Mexico Real Cafe

From Wikipedia, the free encyclopedia
Jump to navigation Jump to search

Mexico Real Limited
Private company
GenreCoffee retail
HeadquartersLondon, EC1V
United Kingdom
ProductsSpecialty coffee

Mexico Real Cafe is a British Coffee Company specialising in specialty coffee and Gourmet Coffee from Mexico. It is present on 2 continents and in 6 countries: Canada, United States, Italy, France, Spain and United Kingdom. Mexico Real Cafe's headquarters are in London, Greater London, UK.[1]


Laguna Miramar en la Selva Lacandona

Mexico Real Coffee or Mexico Real Cafe was founded in 2015. The name Mexico Real Cafe was inspired by both the Mexican currency Mexican real (issued in 1822)[2] and the Mexican royal eagle (Spanish: Águila Real).[3]

Mexico Real Cafe's logo inspiration- Eagle warrior from mural paintings

Mexico Real Cafe's logo portrays an Eagle warrior (Guerrero águila) who represents the roots of the Culture of Mexico and also represents courage, energy, vigour, and a brave spirit. To protect his head, the eagle warrior on Mexico Real's logo wears an eagle head covered with real feathers from the Quetzal, an exotic bird from the Maya Tropical Rainforest (Lacandon Jungle) in southern of Mexico.[4] The colours in Mexico Real's logo were derived from natural pigments: turquoise, purple, gold, and shedron. These colours are present in the Mayan murals from Bonampak Chiapas.[5]

History of coffee in Mexico[edit]


Coffee arrived in Mexico in the 18th century, when the Spanish brought plants from Cuba and the Dominican Republic.[6] Its commercial cultivation began decades later when German and Italian immigrants relocated from different Central American countries.[7]

During the 19th century coffee was introduced in Chiapas in particular in the south region. Given its location, rainforest climate, coffee production and landscapes this region has become a tourist attraction.[8] The area where the coffee plantations are located is the rainiest in Mexico.

Production of coffee in Mexico[edit]

In 2000, Mexico was among the biggest cultivators of organic coffee beans in the world. Coffee yields continue to vary widely in Mexico due to variations in crop care and weather. Reports have indicated that about 98 percent of the coffee produced in Mexico is of the Arabica (Coffea arabica) variety while 2 percent is of the Robusta variety (Robusta coffee).[9]

In Mexico, Arabica coffee beans grow in subtropical regions, at high altitudes of 16–24° in altitudes between 1800 and 3600 feet. Frequent rainfall causes almost continuous flowering, which results in two coffee harvesting seasons.[10]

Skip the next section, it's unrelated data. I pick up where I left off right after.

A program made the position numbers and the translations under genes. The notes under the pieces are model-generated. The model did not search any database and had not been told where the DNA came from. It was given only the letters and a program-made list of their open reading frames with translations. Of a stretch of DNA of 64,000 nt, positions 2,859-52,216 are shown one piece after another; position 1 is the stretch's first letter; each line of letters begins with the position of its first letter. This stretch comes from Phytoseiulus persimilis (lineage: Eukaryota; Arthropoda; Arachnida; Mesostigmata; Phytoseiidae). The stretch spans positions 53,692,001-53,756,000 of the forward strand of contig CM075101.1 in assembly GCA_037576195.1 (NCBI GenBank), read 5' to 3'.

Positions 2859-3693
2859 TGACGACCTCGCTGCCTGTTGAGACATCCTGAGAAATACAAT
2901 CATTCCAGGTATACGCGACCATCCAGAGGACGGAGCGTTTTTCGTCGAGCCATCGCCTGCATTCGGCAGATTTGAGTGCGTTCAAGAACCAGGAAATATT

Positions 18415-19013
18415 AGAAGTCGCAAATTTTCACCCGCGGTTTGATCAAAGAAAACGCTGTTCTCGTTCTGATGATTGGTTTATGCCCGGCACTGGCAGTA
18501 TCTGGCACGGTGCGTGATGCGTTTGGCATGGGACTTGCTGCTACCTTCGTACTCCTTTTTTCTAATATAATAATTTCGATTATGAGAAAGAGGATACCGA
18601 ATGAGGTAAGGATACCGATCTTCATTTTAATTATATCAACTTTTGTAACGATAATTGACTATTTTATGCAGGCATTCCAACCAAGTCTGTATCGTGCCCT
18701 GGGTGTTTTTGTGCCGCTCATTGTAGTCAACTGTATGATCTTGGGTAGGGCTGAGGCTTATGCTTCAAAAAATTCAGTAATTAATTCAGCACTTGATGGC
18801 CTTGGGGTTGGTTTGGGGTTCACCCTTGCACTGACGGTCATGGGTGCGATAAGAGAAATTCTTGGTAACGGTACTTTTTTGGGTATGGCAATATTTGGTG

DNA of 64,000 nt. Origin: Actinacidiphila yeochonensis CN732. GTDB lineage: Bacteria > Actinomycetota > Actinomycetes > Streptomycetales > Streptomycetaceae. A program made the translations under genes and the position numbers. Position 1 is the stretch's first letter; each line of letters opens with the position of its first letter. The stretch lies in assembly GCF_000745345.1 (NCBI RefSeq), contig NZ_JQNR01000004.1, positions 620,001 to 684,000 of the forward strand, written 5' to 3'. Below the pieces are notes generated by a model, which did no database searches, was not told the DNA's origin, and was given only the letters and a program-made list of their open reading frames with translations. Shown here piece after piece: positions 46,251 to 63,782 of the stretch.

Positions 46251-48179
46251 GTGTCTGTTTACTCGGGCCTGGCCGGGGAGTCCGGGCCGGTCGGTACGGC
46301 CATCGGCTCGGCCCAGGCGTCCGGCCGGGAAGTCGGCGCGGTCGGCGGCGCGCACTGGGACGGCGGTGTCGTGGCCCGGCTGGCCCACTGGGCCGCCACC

In Chiapas the coffee grows on high Altitudes in the coastal region of Chiapas, near the border of the Pacific Ocean. Mainly the Sierra Madre de Chiapas produces 20% of the coffee in Chiapas and is one of the Mexico's most important coffee regions. Sierra Madre is also a major water catchment area for surrounding towns and agricultural plains and is characterised by high biodiversity and species endemicity, hosting over 2000 species of plants and 600 species of animals.[11]

In Chiapas, the coffee production has managed to preserve the majority of the original selvatic vegetation similar to that on the riversides and Northern roads of other regions.[12]

Pluma Oaxaca coffee grows in Pluma Hidalgo that is a small mountain community located northeast of Chacalapa, Oaxaca . It is located 120 km from Oaxaca towards Puerto Escondido, and near Pochutla. The region that grows Pluma coffee is near the Copalita River basin.[13] Pluma means feather and comes from the shape created by a cloud forming at the top of the nearby hilltop. Hidalgo honours the priest Miguel Hidalgo y Costilla who played a role in securing Mexico's independence.[14] Planting in the Pluma district in Oaxaca was begun in 1872.[15] The large coffee plantations in this region have attracted international tourists.


Mexico Real Artisan Espresso Coffee Won 2 of 3 Gold Stars in the Superior Taste Award in 2016 in Belgium. It was the only Mexican coffee to win awards during this competition.[16]


  1. ^ "Locations". Retrieved 14 February 2017.
  2. ^ "Banxico Material Educativo Monedas de Mexico" (PDF). Retrieved 22 May 2017.
  3. ^ "Inah History Eagle Symbol". Retrieved 15 March 2017.
  4. ^ "Eagle Warrior History". Retrieved 18 February 2017.
  5. ^ "Inah Bonampak". Retrieved 21 February 2017.
  6. ^ "History of Mexican coffee". Retrieved 18 February 2017.
  7. ^ "Coffee in Mexico". Retrieved 18 February 2017.
  8. ^ "Chiapas the coffee routes". Retrieved 18 February 2017.
  9. ^ "Mexico corners of the Market on Organic Production" (PDF). Retrieved 17 May 2017.
  10. ^ "The optimal coffee environment". Retrieved 28 May 2017.
  11. ^ "Coffee production in Chiapas". Retrieved 25 May 2017.
  12. ^ "Cafe Chiapas en Mexico" (PDF). Retrieved 26 May 2017.
  13. ^ "Pluma Oaxaca". Retrieved 28 May 2017.
  14. ^ "Pluma Hidalgo". Retrieved 28 May 2017.
  15. ^ "All about coffee". Retrieved 25 May 2017.
  16. ^ "The ITQi Institute". Retrieved 21 February 2017.

External links[edit]